We picked up all the apples at Morning Glory Farm’s farm stand that afternoon, where we’d gone to get a big pumpkin for Libby and some vegetable treats for me. One thing I couldn’t resist tucking into my shopping bag was the biggest leek I’d ever seen—so big that I had to measure it when I got home! So much nicer than the average stubby leek you get at the grocery store…Anyway, while we were browsing, I noticed all the apples and remembered that I wanted to do a taste test again this year. There are so many different varieties of apples that you could never stop discovering delicious new ones.

The selection we brought home this year didn’t include some favorites like Fuji or Gala or Pink Lady. But we did find two new ones we liked a lot in addition to the Honey Crisp (double accent on the crisp). The first was Golden Supreme, a tastier relative of Golden Delicious. It was crisp, juicy and closer to the sweet end of the scale than the “sour” end. (Perhaps that’s why we three immediately liked it.) Supposedly a good cider apple, the Golden Supreme would be great in pies and tarts, too. Our third favorite, Paula Red, had a nice balance of acidity and sugar, but its texture and flavor make it a better destination for applesauce than pies.

In the end, we (at least Libby and I) enjoyed most of the apples. Except the Rambour Franc (also known as the Summer Rambo), which was quite mealy. I thought I remembered loving this apple, and it turns out I’m not crazy. (Well at least not on this issue.) I just read that it’s a summer apple—not a keeper—and best eaten shortly after picking. I must have had one earlier in the season last year. No matter—the texture didn’t bother the hens, who were only too happy to dispense with it.

But that still left me with pieces of apples, one giant leek, and one lovely Morning Glory Farm butternut squash to do something with this morning. So I made soup. But instead of loading the soup up with spices, I let the main ingredients star—and just gave them a hefty punch of fresh ginger. Often I make more complex squash soups, but I wasn’t in the mood today, and I liked what I wound up with—a very silky texture and pleasant flavor. If I had all the time in the world, I’d make a different soup every day. Well, actually, I did made soup every day in one job long ago. Come to think of it, maybe soup once a week is fine. After all, it’s hard to feed leftover soup to a chicken.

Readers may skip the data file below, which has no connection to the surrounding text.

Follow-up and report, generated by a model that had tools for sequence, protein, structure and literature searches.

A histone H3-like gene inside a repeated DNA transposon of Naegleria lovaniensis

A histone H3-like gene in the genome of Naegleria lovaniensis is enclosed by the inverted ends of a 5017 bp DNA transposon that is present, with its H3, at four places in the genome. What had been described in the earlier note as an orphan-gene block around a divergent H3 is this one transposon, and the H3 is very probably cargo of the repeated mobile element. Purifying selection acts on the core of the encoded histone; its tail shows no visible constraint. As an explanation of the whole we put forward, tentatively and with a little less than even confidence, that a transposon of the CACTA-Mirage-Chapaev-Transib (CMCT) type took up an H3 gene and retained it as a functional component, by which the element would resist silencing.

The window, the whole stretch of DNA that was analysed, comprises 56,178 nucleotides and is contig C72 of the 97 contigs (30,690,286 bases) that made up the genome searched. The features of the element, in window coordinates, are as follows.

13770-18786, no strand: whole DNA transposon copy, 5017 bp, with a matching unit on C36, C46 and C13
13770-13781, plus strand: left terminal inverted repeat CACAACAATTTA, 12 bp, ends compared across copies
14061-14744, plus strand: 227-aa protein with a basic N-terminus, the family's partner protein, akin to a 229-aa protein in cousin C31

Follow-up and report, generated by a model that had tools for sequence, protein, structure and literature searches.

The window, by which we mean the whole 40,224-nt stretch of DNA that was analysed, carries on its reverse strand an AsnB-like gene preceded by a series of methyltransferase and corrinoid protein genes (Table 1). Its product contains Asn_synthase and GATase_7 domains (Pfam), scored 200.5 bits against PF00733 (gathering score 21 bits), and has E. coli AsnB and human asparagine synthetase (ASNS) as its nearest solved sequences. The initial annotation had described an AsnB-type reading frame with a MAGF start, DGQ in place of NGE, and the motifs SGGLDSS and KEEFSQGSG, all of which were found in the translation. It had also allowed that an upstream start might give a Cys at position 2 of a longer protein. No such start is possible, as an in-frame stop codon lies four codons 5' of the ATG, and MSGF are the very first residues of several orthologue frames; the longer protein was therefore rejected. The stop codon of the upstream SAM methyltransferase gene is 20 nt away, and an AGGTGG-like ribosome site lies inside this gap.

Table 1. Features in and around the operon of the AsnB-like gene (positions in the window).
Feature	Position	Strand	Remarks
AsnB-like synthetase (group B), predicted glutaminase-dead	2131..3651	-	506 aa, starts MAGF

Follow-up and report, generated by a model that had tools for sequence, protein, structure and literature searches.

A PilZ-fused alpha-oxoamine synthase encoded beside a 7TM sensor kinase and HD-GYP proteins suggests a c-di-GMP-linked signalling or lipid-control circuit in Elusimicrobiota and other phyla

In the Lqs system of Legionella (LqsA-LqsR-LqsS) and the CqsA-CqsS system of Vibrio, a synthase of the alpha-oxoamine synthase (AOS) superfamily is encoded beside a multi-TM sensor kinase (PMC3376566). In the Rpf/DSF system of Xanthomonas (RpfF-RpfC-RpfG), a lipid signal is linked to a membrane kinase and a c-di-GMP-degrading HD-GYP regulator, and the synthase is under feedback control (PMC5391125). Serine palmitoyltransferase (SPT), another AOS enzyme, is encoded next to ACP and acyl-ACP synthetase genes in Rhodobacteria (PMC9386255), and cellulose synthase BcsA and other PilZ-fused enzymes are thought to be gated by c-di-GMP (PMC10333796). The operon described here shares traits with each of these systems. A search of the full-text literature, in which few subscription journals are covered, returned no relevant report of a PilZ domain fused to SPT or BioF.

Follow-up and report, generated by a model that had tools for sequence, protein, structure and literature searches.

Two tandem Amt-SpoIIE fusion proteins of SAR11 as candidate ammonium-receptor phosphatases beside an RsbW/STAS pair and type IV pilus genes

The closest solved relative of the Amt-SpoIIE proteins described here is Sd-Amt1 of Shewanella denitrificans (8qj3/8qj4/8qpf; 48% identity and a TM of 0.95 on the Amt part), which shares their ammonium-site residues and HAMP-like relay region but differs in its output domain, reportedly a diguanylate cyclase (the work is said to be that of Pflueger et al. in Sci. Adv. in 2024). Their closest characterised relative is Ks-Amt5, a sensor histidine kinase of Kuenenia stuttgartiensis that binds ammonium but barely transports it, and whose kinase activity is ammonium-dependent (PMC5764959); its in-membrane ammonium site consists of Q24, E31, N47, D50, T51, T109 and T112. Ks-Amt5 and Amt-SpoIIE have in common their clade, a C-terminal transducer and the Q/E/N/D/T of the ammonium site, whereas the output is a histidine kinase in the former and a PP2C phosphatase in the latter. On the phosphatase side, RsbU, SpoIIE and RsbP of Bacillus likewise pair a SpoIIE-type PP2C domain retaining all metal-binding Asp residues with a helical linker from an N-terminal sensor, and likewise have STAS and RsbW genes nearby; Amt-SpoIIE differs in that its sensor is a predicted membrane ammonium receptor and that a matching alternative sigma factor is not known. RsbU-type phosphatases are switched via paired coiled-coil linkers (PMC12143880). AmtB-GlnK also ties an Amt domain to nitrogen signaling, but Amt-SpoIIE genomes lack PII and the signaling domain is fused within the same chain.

Butternut Squash, Apple, Leek & Ginger Soup

Choose apples with assertive flavor for this soup. I wound up using the Honey Crisp (better known as an eating apple) and the Golden Supreme and I think they worked nicely with the fresh ginger. As always, be very careful when pureeing hot soup. In fact, let the soup cool down a bit before blending (in batches) and keep a dish towel over the lid with just a small opening to vent steam. I used my garden Serrano peppers (which are very mild) in this soup. If yours are hot, pare out the veins and seeds before chopping and use less.


2 tablespoons unsalted butter

1 tablespoon extra-virgin olive oil

2 cups sliced leeks (white and light green parts only, from about 3 medium leeks), well washed

kosher salt

1 tablespoon plus 1 teaspoon finely chopped fresh ginger

2 teaspoons minced fresh garlic

1 to 2 small Serrano peppers, finely sliced (less if peppers are very hot)

4 cups medium-diced peeled butternut squash (about 1 pound 3 ounces, or the neck of a medium squash, peeled)

2 cups medium-diced peeled apples (about 12 ounces or 2 apples)

5 cups low-sodium chicken broth

a few drops balsamic vinegar

garlic chives or chives for garnish